The three-dimensional organization of chromosomes of eukaryotic interphase cells is emerging as an important parameter for the regulation of genes as well as the storage, replication and expression of genetic information in general. Whereas a couple of techniques like electrone microscopy (EM), fluorescentce in situ hybridization, or chromosome capture techniques as 3C, 4C, 5C, HiC, or the novel T2C have been used for researching genomic architecture, its dynamics has remained underexplored. Here, we present a novel approach to dissect intramolecular polymer dynamics from fluorescence intensity fluctuations measured with fluorescence correlation spectroscopy (FCS) to investigate the higher order chromatin dynamics in living cells. Using fluorescently tagged linker histone H1 and core histones H2A and H2B as tracer molecules, we found distinct chromatin relaxation times of ~160 ms for open and ~90 ms for dense chromatin areas, corresponding to radii of gyration of 240 and 300 nm for the topologically independent chromatin units. According to their genomic content of ~1 Mb, these domains correspond to subchromosomal domains, already seen by FISH, and histone GFP labelling beforehand and correspond to so called distinct topologically associating domains (TADs). This is an impressive advancements in the field, since details on the dynamic and structural properties of subchromosomal domains/TADs in living cells are scarce. Based on these results, quantitative analytical and numerical modelling provided access to mass density, persistence length and topological information of chromatin. It allowed to extract these parameters from 3C/5C/HiC/T2C results, to predict chromatin conformation and distance data, and to identify complex looping as crucial for domain formation. Especially, in combination with T2C, a recently developed selective high-throughput high-resolution chromosomal interaction capture technique (see abstract T.A. Knoch & M. Wachsmuth, Determination of the three-dimensional organization of chromatin by modelling-supported selective chromosomal interaction capture (T2C)), which provides very good signal-to-noise ratio, we present a comprehensive systematic approach for the understanding of chromatin dynamics and structure as well as for insight into their impact on gene regulation. As an outlook, we show light-sheet microscopy-based FCS maps of chromatin domain dynamics.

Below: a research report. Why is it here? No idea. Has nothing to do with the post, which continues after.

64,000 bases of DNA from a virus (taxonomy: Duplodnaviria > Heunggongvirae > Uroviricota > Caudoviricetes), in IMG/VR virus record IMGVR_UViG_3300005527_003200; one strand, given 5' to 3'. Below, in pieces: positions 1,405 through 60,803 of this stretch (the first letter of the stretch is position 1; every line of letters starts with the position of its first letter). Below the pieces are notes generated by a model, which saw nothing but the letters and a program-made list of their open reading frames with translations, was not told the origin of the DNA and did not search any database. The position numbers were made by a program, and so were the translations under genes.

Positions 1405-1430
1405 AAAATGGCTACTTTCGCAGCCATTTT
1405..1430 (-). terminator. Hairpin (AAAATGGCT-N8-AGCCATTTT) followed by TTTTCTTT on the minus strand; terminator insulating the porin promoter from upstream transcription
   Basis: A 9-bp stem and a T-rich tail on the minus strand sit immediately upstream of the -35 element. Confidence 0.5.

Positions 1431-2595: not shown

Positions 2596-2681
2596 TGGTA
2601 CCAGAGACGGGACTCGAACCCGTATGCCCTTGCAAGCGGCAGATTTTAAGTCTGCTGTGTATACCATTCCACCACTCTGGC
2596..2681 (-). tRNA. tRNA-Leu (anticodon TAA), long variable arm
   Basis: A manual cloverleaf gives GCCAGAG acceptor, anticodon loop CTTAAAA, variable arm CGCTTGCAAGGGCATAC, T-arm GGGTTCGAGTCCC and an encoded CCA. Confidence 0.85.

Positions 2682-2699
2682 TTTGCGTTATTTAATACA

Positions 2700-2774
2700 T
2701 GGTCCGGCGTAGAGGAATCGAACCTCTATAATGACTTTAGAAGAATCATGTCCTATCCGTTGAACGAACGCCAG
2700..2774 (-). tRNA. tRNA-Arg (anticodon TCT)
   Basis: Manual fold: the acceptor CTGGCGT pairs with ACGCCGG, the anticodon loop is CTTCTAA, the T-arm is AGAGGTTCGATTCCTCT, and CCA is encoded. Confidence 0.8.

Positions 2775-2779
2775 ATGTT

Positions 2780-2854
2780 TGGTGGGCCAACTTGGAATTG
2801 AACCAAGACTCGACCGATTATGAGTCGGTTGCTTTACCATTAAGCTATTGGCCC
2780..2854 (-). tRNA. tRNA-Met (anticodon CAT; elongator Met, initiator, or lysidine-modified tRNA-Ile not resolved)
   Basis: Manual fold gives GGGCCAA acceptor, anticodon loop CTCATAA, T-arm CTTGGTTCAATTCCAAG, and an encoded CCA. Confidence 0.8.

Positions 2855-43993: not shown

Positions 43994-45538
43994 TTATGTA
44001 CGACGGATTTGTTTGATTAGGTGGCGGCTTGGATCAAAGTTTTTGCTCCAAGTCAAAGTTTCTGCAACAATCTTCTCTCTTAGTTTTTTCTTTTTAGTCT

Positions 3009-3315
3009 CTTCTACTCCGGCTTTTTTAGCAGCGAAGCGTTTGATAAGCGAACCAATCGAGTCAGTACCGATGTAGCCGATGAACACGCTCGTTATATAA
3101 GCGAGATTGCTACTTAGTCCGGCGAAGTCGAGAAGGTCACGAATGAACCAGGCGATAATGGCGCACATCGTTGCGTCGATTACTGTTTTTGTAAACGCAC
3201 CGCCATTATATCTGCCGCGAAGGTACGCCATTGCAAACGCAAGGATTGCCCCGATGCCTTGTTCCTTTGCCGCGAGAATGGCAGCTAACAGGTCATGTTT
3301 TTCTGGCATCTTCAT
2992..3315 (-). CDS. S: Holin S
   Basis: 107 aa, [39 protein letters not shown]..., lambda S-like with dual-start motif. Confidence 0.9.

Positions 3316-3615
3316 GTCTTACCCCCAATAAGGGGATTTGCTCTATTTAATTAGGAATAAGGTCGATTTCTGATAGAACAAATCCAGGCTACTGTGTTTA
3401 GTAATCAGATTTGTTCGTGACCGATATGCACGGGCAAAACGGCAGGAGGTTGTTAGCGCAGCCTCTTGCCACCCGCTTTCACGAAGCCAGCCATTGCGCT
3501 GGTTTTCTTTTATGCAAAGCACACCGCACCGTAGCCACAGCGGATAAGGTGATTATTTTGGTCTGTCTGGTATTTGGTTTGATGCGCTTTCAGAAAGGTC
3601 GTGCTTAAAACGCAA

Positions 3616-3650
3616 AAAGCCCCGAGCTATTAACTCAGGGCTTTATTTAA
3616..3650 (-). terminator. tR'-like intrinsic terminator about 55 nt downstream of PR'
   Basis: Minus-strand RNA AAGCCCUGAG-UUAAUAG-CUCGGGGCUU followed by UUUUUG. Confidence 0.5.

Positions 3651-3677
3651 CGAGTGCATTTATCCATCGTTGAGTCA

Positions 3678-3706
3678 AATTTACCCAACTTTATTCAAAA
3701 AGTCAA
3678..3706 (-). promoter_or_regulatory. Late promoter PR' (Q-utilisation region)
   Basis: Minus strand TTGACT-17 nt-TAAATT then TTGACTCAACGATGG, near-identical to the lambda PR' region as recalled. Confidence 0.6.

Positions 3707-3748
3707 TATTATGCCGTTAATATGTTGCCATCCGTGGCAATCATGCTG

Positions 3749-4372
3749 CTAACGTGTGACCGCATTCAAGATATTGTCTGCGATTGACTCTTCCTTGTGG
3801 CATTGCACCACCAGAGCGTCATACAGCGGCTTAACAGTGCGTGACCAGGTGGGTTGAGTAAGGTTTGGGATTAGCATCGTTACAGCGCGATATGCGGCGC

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Nuclear Organization and Function, Cold Spring Harbor Laboratory, Cold Spring Harbor, New York, USA, 3rd – 7th May, 2016.
Biophysical Genomics, Department Cell Biology & Genetics

Knoch, T., & Wachsmuth, M. (2016). Results and functional meaning of the detailed 3D multi-loop aggregate/rosette chromatin architecture and functional dynamic organization of the human and mouse genomes.. Presented at the Nuclear Organization and Function, Cold Spring Harbor Laboratory, Cold Spring Harbor, New York, USA, 3rd – 7th May, 2016. Retrieved from